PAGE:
I’ve watched with interest the reaction to the young Utah woman who wore a red cheongsam to her prom. For those of you who haven’t heard about this, the young white-appearing woman wore a Chinese-style dress that she bought at a thrift store to her prom, and posted pictures on Instagram, drawing the ire of a few people of Chinese descent who considered it to be cultural appropriation.
Cultural appropriation is a tricky subject. Here’s the Cambridge Dictionary definition: “The act of taking or using things from a culture that is not your own, especially without showing that you understand or respect this culture.” Wikipedia has a more expansive discussion of “cultural appropriation” and if you Google the term, you will find many articles talking about it.
I am particularly interested in this because, more than fifteen years ago, I wore a red cheongsam to my wedding. Since it predated most social media, I went uncriticized, and all the remarks I received were complimentary. This recent news report caused me to wonder, though, was I a cultural appropriator when I chose a red Chinese wedding dress?
The wedding dress that is most common in my white, Irish/Italian-American Catholic culture is a white dress, usually full-length and very formal, accompanied by many accessories, including a veil and a garter belt. These items signify purity and virginity (white), wealth and social status (formal, long, expensive), hiding and humility (veil), and the giving of one’s sexuality to one’s husband (the garter belt), which he is free to share with his friends. There was not one single piece of this cultural artifact that represented me or my marriage. I knew that I didn’t want to wear white, and in fact, reject those symbols. To me, that is white culture, and I don’t like it.
I wanted a red dress. In my culture, red signifies lust, romance, promiscuity and danger. Closer, but not exactly what I wanted in a wedding dress. In Chinese culture, though, red symbolizes fire, and with it, warmth, happiness and good luck. The cheongsam, also known as a qipao, worn by a bride in a Chinese wedding, is meant to confer those values. Those values were much closer to what I wanted my dress to symbolize. I went to a dressmaker in Chinatown in Oakland, who took my measurements and sent them off to Hong Kong to have the dress made. She asked me if my fiance or my father were Chinese, and hearing that they were not, she laughed and told all the other women in the shop that I was wearing a red cheongsam instead of a white dress, and they were full of questions. Most of them, all Chinese, had worn both a white wedding dress and a red cheongsam during different parts of their wedding, and thought it was funny that I was eschewing white. The dress cost around $500 to make – right in my budget.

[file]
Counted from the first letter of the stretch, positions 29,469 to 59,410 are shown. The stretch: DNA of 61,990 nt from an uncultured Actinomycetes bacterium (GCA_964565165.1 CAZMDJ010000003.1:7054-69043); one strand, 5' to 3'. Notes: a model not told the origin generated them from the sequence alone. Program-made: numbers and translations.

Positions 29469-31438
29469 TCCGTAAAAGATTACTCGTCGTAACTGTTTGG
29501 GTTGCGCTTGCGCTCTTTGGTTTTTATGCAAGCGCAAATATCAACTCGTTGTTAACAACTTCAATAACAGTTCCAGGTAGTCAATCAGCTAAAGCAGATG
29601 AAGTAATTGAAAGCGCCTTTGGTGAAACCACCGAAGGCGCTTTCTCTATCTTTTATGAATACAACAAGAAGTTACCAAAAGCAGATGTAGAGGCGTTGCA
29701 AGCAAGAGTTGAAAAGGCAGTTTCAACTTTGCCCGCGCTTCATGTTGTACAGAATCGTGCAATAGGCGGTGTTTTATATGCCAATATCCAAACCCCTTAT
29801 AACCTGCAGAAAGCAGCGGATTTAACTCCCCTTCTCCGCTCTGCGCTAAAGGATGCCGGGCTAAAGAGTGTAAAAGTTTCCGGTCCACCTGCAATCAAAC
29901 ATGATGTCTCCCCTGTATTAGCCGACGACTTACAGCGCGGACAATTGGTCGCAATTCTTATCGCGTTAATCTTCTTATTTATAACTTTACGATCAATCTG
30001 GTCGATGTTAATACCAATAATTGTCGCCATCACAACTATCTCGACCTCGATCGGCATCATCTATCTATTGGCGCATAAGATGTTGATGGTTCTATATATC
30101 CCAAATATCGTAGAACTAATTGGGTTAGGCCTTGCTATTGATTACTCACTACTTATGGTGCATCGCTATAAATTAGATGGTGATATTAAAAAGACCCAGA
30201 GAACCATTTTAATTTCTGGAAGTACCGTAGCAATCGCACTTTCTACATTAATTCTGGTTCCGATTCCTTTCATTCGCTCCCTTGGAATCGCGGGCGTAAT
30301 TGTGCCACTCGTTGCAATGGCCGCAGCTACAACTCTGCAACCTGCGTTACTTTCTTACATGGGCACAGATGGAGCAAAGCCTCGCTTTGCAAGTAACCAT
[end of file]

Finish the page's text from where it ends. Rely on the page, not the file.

This doesn’t answer whether I was culturally appropriating Chinese culture, though. So I did a little research on the dress style, and learned that the modern cheongsam is not “traditional” in any long-term sense. According to this article, the modern cheongsam was heavily influenced by Western ideology in 1911, and was a symbol of resistance in the 1950s in Hong Kong when it was essentially banned in mainland China.
Cultural appropriation is typically understood as being a part of colonization – the idea of the colonizer stealing or diminishing the culture of the oppressed by adoption. While white people didn’t effectively colonize China, they tried to, making a few in-roads as missionaries, and Chinese immigrants were restricted and mistreated in this country for centuries. I don’t think I was aware of the scope of that when I got married.
Still, I don’t regret wearing my red wedding dress, and I don’t think I was culturally appropriating Chinese culture in that dress any more than I was appropriating Southern culture by having a pork barbecue after the lunch reception. In both cases, I found a culture different mine to be a better expression of the values we wanted to share with our guests and hopefully expanded their understanding of what constitutes a loving community of friends and family. Now I just wish I could still fit into my dress, although I definitely wouldn’t wear it to a prom.